Understanding climate change

Breaking down the problem

How do we go about understanding and estimating climate change? This is done in a number of stages, shown in this figure. The first thing we need to know is what the emissions will be of greenhouse gases and other gases which affect climate change. These projections are deduced from separate models which take into account population growth, energy use, economics, technological developments, and so forth. Having obtained projections of how emissions will change, we then calculate how much remains in the atmosphere, i.e. what future concentrations will be. For the gas carbon dioxide (CO2), this is done using a model of the carbon cycle, which simulates the transfer of carbon between sources (emissions) and sinks in the atmosphere, ocean and land (vegetation). For gases such as methane and ozone, which are also important, we use models which simulate chemical reactions in the atmosphere.

Next we have to calculate the heating effect of the increased concentrations of greenhouse gases; this is often called climate forcing. This is done within the climate model which generates spatial patterns of changes in temperature, rainfall and sea level etc, across the surface of the earth and through the depth of the atmosphere and oceans. Following on from the climate change prediction, the impacts of climate change, on socio-economic sectors such as as water resources, food supply, flooding, are calculated by other research groups.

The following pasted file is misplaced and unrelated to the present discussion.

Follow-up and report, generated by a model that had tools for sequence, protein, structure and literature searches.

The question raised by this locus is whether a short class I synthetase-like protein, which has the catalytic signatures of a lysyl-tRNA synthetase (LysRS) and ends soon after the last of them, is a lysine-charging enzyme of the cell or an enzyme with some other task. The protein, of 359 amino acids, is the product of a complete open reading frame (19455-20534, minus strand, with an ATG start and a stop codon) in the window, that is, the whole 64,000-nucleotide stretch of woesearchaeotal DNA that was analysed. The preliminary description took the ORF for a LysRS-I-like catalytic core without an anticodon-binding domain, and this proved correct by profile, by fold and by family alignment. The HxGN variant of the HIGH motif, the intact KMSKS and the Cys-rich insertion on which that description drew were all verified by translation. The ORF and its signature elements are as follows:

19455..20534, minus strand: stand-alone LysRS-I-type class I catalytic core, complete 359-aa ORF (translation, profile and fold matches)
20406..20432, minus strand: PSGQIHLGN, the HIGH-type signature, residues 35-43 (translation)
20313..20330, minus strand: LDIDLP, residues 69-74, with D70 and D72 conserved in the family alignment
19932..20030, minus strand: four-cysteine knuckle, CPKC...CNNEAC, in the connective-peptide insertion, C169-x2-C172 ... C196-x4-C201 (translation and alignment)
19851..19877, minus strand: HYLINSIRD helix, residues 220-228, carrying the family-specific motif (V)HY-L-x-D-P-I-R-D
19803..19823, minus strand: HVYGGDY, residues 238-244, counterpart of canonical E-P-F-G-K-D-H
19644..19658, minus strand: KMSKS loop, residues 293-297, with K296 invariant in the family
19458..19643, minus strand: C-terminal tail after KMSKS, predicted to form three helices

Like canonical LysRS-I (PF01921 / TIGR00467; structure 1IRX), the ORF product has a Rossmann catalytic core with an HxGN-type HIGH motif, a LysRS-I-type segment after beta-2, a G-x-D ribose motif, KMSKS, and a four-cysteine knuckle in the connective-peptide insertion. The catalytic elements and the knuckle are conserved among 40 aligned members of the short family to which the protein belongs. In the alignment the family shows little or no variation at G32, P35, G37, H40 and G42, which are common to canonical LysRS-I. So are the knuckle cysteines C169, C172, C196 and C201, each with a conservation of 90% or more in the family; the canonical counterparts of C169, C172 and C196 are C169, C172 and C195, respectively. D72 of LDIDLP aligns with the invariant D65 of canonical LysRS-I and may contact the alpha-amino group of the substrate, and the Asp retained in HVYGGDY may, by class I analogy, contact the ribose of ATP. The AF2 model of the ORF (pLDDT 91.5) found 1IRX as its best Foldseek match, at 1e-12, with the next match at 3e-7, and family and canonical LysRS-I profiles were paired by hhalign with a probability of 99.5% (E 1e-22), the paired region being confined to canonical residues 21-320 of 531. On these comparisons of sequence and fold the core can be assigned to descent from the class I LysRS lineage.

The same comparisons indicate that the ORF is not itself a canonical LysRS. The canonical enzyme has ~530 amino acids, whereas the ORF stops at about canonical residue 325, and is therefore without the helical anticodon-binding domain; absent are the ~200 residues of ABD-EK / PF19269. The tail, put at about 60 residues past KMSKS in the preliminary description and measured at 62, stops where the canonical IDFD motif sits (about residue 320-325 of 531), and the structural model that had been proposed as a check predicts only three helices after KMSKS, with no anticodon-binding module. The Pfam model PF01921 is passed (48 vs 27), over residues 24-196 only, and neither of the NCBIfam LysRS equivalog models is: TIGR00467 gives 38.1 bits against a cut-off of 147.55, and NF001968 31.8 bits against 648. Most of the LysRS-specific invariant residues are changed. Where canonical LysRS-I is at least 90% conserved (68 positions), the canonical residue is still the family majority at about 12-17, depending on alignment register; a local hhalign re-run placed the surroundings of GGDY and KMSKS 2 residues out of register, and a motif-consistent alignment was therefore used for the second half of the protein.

Feedback mechanisms

The prediction of climate change is complicated by the fact that, once climate change starts, there will be consequences (feedback) in the climate system which can act to either enhance or reduce the warming. For example, as the atmosphere warms it will be able to "hold" more water vapour. Water vapour itself is a very powerful greenhouse gas, so this will act as a positive feedback and enhance the warming. Similarly, when sea ice begins to melt, some of the solar radiation which would otherwise be reflected from the sea ice is absorbed by the ocean, and heats it further; another positive feedback. On the other hand when carbon dioxide concentrations increase in the atmosphere then it acts to speed up the growth of plants and trees (the fertilisation effect) which in turn absorb more of the carbon dioxide; this acts as a negative feedback. There are many of these feedbacks, both positive and negative, many of which we do not fully understand. This lack of understanding is the main cause of the uncertainty in climate predictions; this applies in particular to changes in clouds.

The climate system

In order to estimate climate change, we have to build a model of the complete climate system. Firstly the atmosphere; the way it circulates, the processes that go on in it, such as the formation of clouds, and the passage of terrestrial and solar radiation through it. Secondly the ocean, because there is a constant exchange of heat, momentum and water vapour between the ocean and atmosphere and because in the ocean there are very large currents which act to transport heat and salt. In fact the ocean does about half the work of the climate system in transporting heat between the equator and the poles. Thirdly the land, because it affects the flow of air over it, it is important in the hydrological (water) cycle. In addition we model the cryosphere, ice on land and sea. All of these components of the climate system interact to produce the feedbacks which determine how climate will change in the future. (Text courtesy of the Hadley Centre for Climate Prediction and Research, UK).

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